'Made in Palestine' - helping a small women's group export soap to the world
Alun McDonald Media and Communications Coordinator for OPTI
21st Jan 2014
Six years ago, a small women's co-operative from the West Bank started growing vegetables to sell at the local market. Now, with a little help from Oxfam, they are exporting soap around the world.
Khital Suleiman enters the room in a whirlwind of energy. Arriving breathless on a mobile phone, she's just been negotiating a new deal to export soap made by Palestinian women to Canada. As the director and founder member of the Beita Women's Cooperative, she's steered the group's growth from a small local shop to an ambitious global exporter.
The journey began six years ago, when a group of women from the West Bank town of Beita started growing vegetables for the local market. Last year they linked up with Oxfam's "From Grove to Market" project, which equipped them with a machine to make soap from olive oil, gave them training in marketing and financial management, and introduced them to potential buyers.
Oxfam helped start them off, but Khital and the rest of the group have run with the idea. "We decided to add fragrance to the soap, which was new to the area and very popular with customers. Traditionally, the soap here is just plain," she says. Today lavender, honey and lemon-scented soap bars are stacked high in the cooperative's new office. "It's a traditional product, with new twists."
After some networking, a local businessman offered to export samples of their soap to Germany, Canada and Dubai. Khital seized the opportunity and signed a contract to deliver 6,000 bars of soap. She quickly realized the first challenge - the group's basic soap cutting equipment could produce a maximum of 200 bars a day, and there seemed no way to meet the exporter's deadline.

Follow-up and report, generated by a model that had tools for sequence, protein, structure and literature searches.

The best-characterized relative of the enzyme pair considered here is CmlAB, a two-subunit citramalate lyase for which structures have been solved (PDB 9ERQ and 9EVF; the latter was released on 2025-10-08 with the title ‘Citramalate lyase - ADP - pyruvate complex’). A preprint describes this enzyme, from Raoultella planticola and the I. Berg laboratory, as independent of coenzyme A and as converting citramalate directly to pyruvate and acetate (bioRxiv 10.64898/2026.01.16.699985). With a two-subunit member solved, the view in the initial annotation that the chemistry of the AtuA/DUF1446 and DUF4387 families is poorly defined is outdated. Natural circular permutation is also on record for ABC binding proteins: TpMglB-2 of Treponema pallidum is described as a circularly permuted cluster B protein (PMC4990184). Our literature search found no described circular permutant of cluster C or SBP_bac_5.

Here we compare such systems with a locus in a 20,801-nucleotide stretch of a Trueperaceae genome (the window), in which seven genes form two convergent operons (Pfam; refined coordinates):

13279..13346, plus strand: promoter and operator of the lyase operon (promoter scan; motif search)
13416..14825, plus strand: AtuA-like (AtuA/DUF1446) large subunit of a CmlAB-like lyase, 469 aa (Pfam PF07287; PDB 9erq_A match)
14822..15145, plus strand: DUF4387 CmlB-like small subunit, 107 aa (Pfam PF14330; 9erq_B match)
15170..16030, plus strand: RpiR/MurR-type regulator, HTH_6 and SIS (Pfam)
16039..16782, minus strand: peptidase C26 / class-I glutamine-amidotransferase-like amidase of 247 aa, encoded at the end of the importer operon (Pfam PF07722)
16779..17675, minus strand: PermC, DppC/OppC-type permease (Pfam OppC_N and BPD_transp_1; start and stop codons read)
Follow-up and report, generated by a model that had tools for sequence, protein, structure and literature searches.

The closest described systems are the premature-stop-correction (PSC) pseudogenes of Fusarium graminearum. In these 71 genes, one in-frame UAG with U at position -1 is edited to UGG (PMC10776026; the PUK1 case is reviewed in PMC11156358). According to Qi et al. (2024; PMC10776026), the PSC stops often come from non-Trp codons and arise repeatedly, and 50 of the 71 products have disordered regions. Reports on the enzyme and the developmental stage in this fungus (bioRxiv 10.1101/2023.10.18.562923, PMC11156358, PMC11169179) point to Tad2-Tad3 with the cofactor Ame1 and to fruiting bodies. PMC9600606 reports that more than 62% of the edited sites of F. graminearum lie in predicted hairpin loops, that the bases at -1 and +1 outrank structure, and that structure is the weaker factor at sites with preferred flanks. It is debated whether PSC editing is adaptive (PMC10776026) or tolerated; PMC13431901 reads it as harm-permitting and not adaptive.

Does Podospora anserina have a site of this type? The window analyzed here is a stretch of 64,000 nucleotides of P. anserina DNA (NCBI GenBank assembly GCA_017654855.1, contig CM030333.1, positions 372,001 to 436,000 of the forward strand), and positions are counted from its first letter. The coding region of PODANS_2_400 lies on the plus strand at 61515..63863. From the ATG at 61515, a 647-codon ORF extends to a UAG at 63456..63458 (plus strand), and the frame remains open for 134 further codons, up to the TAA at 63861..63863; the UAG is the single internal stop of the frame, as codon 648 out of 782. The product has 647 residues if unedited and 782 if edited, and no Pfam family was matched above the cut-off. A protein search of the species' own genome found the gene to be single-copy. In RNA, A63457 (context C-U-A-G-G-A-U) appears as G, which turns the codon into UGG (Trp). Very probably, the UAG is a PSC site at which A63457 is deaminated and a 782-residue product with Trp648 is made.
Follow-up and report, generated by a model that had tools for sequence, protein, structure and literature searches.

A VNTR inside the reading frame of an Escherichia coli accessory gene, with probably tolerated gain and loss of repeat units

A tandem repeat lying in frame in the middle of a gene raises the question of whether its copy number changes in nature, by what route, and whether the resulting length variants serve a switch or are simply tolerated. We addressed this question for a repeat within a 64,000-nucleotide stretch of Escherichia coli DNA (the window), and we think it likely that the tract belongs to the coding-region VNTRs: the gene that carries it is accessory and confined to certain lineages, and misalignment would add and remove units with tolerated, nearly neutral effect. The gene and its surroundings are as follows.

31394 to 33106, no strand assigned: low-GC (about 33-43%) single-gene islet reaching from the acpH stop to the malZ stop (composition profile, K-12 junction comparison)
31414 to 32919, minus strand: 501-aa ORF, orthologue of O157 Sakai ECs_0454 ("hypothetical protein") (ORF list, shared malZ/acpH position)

Khital searched the internet for ideas and found a new design of cutter that could triple their output - but they couldn't afford to buy it. Instead the women made their own homemade version from wood and the keys of the oud, a traditional Palestinian instrument. The keys can be tightened when they need to cut tougher material. With the innovative new cutter, they produce 3,000 bars in just five days.
Several satisfied customers later, the cooperative is now negotiating a contract for 70,000 bars - their biggest order yet. "We're getting so much interest from all over the world," says Khital.
More than just profit - empowering women
For Khital, a mother of five who was married at 15 and dropped out of school, the women-only cooperative represents more than just profits.
"It's unusual for women to have their own businesses, doing it on our own without the help of men. Before, women even had to get permission from their husbands to travel. My husband was sceptical at first - his friends thought we'd soon get tired of it. Then he came to the workshops with us, and saw the money we brought in to the family. Now we have more independence and respect, more confidence. We make decisions in our homes, and our children know that the role of a mother is more than just cooking and cleaning." Khital has invested some of her profits from the
cooperative in going back to college to finish her high school certificate and diploma.
Today the cooperative has over 30 members and the profits are divided equally between them - with a portion kept back for future investments and to support local projects such as schools and health centres that benefit the women's wider community.
The rapid growth is an incredible achievement in such a short space of time. Yet, like all good businesswomen, Khital is far from satisfied. She rattles off ideas for the future: "I want to invest in electric cutters that will further increase productivity. We've started a facebook page to help us reach new markets, and a Libyan investor wants us to produce liquid soap." She pauses for the first time this morning. "In five years I want us to own the first major soap factory run entirely by Palestinian women."